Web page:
“Project Catapult” has finally arrived.
In November 2012, Microsoft started on a project that looked to revolutionize their Bing search servers through field-programmable arrays (FPGAs) processors. Basically, the processors could be customized for use with Microsoft-specific software, dramatically increase the speed of search and improve upon current Microsoft services.
“Using FPGAs, Microsoft engineers are building a kind of super-search machine network they call Catapult. It’s comprised of 1,632 servers, each one with an Intel Xeon processor and a daughter card that contains the Altera FPGA chip, linked to the Catapult network,” reported Robert McMillan of Wired.com.
Now in 2014, Project Catapult is ready to launch and Microsoft will hope the massive budget for the construction and engineering will be worth it.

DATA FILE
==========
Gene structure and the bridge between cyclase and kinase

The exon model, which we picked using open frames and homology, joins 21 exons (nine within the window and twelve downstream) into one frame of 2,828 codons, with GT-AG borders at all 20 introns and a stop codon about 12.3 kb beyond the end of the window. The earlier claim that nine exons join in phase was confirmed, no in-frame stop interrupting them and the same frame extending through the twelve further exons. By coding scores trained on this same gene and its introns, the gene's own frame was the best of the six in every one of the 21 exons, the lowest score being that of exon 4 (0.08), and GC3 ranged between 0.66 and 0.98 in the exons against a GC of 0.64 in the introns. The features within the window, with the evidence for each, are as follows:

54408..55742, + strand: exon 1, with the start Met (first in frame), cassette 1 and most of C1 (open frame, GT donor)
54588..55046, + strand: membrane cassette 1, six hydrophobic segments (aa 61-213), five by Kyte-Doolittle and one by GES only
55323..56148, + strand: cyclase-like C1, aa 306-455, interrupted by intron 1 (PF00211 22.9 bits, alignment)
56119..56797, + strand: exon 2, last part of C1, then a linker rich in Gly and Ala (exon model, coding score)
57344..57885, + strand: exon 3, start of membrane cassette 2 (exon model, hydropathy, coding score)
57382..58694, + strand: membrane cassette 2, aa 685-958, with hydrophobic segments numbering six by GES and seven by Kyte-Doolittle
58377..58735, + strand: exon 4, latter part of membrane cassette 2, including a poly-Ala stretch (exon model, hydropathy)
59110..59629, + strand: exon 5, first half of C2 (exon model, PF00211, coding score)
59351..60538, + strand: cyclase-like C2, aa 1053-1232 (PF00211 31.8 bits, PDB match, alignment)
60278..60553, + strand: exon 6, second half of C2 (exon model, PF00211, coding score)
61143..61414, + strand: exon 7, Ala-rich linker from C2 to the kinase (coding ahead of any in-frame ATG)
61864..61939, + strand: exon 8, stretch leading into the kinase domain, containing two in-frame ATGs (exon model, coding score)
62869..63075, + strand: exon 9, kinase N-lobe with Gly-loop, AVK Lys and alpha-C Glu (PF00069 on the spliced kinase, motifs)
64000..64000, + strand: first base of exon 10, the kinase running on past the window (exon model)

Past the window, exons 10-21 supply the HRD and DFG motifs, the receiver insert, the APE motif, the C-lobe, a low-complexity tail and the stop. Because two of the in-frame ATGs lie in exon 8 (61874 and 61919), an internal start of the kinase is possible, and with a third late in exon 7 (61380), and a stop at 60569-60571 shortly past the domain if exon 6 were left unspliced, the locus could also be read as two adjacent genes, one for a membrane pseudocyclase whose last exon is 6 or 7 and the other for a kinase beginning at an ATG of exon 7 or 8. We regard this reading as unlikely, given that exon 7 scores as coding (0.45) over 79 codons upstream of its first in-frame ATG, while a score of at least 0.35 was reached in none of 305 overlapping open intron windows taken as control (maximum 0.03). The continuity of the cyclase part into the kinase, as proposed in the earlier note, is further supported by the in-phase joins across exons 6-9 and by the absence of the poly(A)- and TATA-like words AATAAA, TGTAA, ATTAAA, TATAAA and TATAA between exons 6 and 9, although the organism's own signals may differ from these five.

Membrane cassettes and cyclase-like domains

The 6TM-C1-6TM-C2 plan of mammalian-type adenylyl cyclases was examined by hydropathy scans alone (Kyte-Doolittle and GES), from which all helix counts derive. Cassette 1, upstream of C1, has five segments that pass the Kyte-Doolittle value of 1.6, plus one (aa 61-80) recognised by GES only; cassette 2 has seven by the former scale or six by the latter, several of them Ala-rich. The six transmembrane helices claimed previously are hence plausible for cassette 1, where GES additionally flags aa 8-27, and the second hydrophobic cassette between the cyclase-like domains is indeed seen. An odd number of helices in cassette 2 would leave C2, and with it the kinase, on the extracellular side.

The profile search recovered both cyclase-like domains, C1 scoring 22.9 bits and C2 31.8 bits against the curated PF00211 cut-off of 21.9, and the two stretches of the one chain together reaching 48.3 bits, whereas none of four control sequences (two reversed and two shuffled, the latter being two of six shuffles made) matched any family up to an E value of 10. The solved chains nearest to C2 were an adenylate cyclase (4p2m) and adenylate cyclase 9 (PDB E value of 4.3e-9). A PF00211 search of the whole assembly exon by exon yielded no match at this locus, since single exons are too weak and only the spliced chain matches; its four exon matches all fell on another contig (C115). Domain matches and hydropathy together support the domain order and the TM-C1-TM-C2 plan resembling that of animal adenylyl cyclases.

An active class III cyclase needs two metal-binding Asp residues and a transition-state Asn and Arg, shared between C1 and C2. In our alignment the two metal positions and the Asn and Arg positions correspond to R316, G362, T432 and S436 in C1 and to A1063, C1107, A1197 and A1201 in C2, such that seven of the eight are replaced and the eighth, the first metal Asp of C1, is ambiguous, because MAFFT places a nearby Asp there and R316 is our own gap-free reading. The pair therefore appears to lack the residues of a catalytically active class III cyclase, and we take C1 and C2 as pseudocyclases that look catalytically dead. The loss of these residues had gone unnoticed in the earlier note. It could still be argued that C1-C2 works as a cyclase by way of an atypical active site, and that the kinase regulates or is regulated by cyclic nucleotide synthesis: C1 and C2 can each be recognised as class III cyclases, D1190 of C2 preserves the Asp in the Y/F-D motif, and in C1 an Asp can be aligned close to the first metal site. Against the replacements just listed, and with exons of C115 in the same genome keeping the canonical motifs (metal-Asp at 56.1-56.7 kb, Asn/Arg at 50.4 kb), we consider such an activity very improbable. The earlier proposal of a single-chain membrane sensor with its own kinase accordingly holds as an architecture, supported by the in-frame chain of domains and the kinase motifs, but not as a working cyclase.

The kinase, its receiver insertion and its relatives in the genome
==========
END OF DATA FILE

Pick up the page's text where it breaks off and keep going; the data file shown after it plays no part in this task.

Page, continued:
With the FPGAs, processing is 40 times faster than Bing’s custom algorithms.
“Right off the bat we can chop the number of servers that we use in half,” said Doug Burger, the Microsoft man that inspired the idea.
Although the “official” release isn’t slated until 2015, Catapult is set up and passing test after test, and don’t be surprised if it’s already working on certain Bing applications.
“There are large challenges in scaling the performance of software now. The question is: ‘What’s next?’ We took a bet on programmable hardware,” Burger said.